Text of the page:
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to: but which, the habit of Answering has made so coinmon, that nobody either mistakes it, or is now indeed, much scandalized at it. Though for my part, I should esteem a total ignorance of letters a much happier lot than such a learned depravity.—." But this is not all, (says he) —No, is it nut? I am sorry for it! —– What

surprises me most is, that you should argue so W F.AKLY, as if the reward of good men had respect to this life only. Be it, that Abrahain had received all. God's

mercies ; and that all God's 'dispensations towards “ him, in this world, were at an end; was there not a “

life yet to coinc, with respect to which the whole period of our existence here is to le considered as a state of trial; and where we are all of us to look for

that reward of our virtues which we very often fail ** of in this:? [Consid. p. 152.] Well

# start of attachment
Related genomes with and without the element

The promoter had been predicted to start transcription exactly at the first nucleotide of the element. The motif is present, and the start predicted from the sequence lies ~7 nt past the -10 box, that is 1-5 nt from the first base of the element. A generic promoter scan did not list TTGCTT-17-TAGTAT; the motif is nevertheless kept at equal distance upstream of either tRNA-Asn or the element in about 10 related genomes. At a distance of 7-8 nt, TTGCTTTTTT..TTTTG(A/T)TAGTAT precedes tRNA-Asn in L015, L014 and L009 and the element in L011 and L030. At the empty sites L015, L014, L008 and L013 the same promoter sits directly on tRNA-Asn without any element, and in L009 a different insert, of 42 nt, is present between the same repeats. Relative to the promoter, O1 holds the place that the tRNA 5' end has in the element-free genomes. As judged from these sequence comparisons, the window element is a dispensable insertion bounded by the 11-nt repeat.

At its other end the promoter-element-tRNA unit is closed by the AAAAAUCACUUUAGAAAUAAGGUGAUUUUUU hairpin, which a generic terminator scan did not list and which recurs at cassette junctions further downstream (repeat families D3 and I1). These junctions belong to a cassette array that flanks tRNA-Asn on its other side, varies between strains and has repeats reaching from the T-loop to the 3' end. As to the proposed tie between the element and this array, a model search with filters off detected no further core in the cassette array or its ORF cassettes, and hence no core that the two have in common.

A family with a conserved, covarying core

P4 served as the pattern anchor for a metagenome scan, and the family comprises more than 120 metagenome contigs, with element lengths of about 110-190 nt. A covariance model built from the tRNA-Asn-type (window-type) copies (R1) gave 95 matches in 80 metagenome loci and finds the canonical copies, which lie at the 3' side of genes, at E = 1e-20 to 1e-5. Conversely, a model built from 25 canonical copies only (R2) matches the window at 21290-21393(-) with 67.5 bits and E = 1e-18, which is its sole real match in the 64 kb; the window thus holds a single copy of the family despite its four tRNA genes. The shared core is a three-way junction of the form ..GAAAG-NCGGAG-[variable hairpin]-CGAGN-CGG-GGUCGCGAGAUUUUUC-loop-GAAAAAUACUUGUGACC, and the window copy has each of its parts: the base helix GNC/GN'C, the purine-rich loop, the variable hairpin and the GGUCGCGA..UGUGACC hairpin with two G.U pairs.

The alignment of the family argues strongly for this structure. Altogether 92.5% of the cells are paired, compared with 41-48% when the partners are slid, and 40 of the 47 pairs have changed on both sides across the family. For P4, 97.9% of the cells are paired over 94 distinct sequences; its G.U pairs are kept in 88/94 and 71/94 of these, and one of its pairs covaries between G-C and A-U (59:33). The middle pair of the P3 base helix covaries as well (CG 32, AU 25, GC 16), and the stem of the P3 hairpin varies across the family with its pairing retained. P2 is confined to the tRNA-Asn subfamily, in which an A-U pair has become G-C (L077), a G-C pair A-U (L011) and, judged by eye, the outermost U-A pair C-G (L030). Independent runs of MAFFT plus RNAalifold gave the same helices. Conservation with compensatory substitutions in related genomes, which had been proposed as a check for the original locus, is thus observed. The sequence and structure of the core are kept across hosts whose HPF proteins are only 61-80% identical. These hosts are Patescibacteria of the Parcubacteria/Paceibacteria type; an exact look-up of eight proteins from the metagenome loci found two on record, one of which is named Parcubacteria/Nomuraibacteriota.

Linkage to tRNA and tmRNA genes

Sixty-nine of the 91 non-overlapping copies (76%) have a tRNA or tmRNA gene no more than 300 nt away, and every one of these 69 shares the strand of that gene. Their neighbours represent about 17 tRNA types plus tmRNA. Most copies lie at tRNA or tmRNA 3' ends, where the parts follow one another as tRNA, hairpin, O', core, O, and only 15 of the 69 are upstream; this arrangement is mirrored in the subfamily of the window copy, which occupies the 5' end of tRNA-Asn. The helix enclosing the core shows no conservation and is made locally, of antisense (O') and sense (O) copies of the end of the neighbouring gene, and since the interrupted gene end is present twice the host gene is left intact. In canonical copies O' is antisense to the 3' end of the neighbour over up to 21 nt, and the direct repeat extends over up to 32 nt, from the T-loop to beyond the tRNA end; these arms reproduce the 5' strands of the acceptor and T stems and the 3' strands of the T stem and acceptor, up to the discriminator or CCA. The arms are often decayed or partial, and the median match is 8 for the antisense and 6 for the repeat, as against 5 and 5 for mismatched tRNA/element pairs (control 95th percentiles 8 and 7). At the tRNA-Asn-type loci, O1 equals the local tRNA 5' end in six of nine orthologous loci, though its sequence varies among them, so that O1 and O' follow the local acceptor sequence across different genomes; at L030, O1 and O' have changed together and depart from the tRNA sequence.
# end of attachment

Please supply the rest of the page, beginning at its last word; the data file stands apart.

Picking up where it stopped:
, if it was not all

, we find, at least, it is all of a piece. For, as before, he would sophistically obtrude upon us common for 'ertraordinary REWARDS; so liere (true to the mystery of his trade). he puts common for extraordinary TRIALS. Dur present existence (says he) is to be considered as a siute of Trick

. The case, to which I applied my argument. was this; “God, determming to select a chosen People froin the loins of Abraham, would manifest to the world that this Patriarch was worthy of the distinction shewn unto him, by having lis faith fourd'superior to the hardest trials.” Now, in speaking of these trials, I said, that the command to offer Isaac was the last. No (says the Examiner) that cannot be, for, with respect to a life to come, the whole period of our existence here, is to be considered as a state of TRIAC." And so again (says he) with regard to the REWARD; which you pretend, in the

'trial': Why, we are to look for it in another world.—Holy Scripture records the history of one, to whom God only promised (in the clear and obvious sense) temporal blessings. It tells us that these temporal' blessings were dispensed.